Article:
Dead bacteria don't drum
How can you tell if a disease-causing bacterium is dead? This is actually a very practical question, since it is vital to diagnosing whether bacteria are resistant to a specific antibiotic. A new approach uses graphene to monitor the noise made by the biological processes of bacteria on its surface. Graphene has unusual electrical and mechanical properties and is extremely sensitive to external forces on its surface. In fact, it can even pick up the small movements of flagella, the small hairs that one-celled organisms use to propel themselves forward. When the flagella beat on the graphene surface, it acts like the head of a drum and produces a series of random oscillations that the researchers could detect. When antibiotics work, the number of oscillations decline and eventually cease. The technique was developed at Delft Technical University by Farbod Alijani and two members of the Kavli Institute of Nanoscience at Delft, Cees Dekker and Peter Steeneken.
Laser promises to kill pathogens
Deep-ultraviolet lasers (operating at of about 200-300nm wavelengths) can kill germs, sterilize medical instruments, purify water, and sense hazardous gases. The problem is creating affordable deep-UV lasers on chip-based diodes. At the Kavli Institute at Cornell, researchers led by Debdeep Jena, Huili Grace Xing, and their graduate student, Len van Deurzen, have shown they can produce a 284nm laser beam that achieves the frequencies and purity needed to meet the challenge. The material involved is aluminum gallium nitride (AlGaN). The researchers grew their AlGaN crystal by alternating layers of AlGaN with slightly different ratios of aluminum and gallium. By using a technique called molecular beam epitaxy, they were able to keep the interfaces between the layers very sharp, which contributed to the performance of the laser.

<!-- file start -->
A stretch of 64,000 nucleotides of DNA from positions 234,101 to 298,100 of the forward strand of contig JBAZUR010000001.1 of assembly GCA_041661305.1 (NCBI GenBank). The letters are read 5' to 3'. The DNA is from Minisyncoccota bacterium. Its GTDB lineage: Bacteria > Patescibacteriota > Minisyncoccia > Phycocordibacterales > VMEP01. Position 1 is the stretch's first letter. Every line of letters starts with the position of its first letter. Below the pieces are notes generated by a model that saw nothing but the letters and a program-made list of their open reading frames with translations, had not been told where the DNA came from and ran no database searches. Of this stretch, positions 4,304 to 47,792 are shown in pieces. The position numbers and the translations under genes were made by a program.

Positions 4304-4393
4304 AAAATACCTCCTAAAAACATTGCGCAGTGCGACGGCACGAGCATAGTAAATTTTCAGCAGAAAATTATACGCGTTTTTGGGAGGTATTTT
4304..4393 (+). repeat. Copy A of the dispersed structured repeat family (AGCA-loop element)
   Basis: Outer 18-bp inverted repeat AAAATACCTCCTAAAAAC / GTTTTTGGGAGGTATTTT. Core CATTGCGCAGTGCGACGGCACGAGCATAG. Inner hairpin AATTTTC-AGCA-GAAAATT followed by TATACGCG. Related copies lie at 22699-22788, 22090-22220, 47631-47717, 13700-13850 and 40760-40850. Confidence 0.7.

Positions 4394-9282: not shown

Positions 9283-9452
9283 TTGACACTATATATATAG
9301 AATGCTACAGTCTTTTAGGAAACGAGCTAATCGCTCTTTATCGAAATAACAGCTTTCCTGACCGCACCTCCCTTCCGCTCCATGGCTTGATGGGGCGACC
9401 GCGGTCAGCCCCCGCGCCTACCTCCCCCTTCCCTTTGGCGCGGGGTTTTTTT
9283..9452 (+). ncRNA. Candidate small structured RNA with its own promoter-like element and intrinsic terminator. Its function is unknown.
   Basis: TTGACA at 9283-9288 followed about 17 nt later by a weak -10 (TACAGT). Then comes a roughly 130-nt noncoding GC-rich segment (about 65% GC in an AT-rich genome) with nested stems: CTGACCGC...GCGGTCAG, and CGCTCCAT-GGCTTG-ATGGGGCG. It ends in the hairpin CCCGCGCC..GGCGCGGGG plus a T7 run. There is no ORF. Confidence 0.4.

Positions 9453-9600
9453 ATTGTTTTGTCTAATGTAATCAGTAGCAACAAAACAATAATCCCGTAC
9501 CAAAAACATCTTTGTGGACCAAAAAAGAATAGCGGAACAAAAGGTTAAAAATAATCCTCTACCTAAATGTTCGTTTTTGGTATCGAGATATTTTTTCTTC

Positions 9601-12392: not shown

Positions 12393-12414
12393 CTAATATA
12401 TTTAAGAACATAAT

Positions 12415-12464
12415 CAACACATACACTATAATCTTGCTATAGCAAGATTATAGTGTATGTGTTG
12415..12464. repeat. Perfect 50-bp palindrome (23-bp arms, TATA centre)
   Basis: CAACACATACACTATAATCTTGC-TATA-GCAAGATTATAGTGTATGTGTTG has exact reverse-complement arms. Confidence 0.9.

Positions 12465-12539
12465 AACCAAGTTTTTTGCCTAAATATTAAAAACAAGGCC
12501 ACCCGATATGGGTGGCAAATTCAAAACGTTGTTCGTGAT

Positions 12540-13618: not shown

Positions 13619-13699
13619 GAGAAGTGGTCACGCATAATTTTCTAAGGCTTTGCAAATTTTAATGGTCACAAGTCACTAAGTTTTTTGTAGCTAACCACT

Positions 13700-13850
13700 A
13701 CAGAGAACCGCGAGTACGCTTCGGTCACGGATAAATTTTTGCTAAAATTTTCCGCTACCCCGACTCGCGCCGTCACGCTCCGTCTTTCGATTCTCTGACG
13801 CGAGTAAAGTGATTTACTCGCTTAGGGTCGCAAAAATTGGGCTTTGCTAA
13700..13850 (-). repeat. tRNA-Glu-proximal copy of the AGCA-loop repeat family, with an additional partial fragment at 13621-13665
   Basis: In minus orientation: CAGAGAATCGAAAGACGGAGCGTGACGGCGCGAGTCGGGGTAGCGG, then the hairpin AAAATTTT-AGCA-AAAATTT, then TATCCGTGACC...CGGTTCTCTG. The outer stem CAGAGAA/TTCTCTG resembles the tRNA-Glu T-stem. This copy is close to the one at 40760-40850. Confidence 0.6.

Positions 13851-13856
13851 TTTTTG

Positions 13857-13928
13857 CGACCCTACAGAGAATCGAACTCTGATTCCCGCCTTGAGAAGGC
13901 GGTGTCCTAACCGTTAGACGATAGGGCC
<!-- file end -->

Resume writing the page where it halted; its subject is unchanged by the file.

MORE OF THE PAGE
Removing carbon from water
When most of us hear "carbon removal," we think about atmospheric carbon dioxide. After all, carbon in the air causes the greenhouse effect that is heating the planet. To limit climate change to 1.5 degrees C, humanity will have to stop adding greenhouse gases to the atmosphere and start removing 10 gigatons of CO2 per year by 2050. To help find a way to do that, the XPRIZE Foundation is offering a total of $100 million in awards for scalable carbon removal technologies. This year, it picked 15 milestone projects with the potential to make a significant dent in carbon removal. While many focus on atmospheric carbon, one led by Harry Atwater of the Kavli Nanoscience Institute at Caltech and Chengxiang Xiang, seeks to remove carbon from seawater using a newly patented bipolar membrane. Ocean water is a surprisingly good target for carbon removal for two reasons. First it has absorbed 40 percent of all carbon emissions since the start of the industrial revolution. Second, its carbon concentration is 120 times greater than air. Removing carbon from ocean water would enable it to absorb even more CO2 from the atmosphere – and also reduce ocean acidification, which is destroying coral reefs and other marine habitats.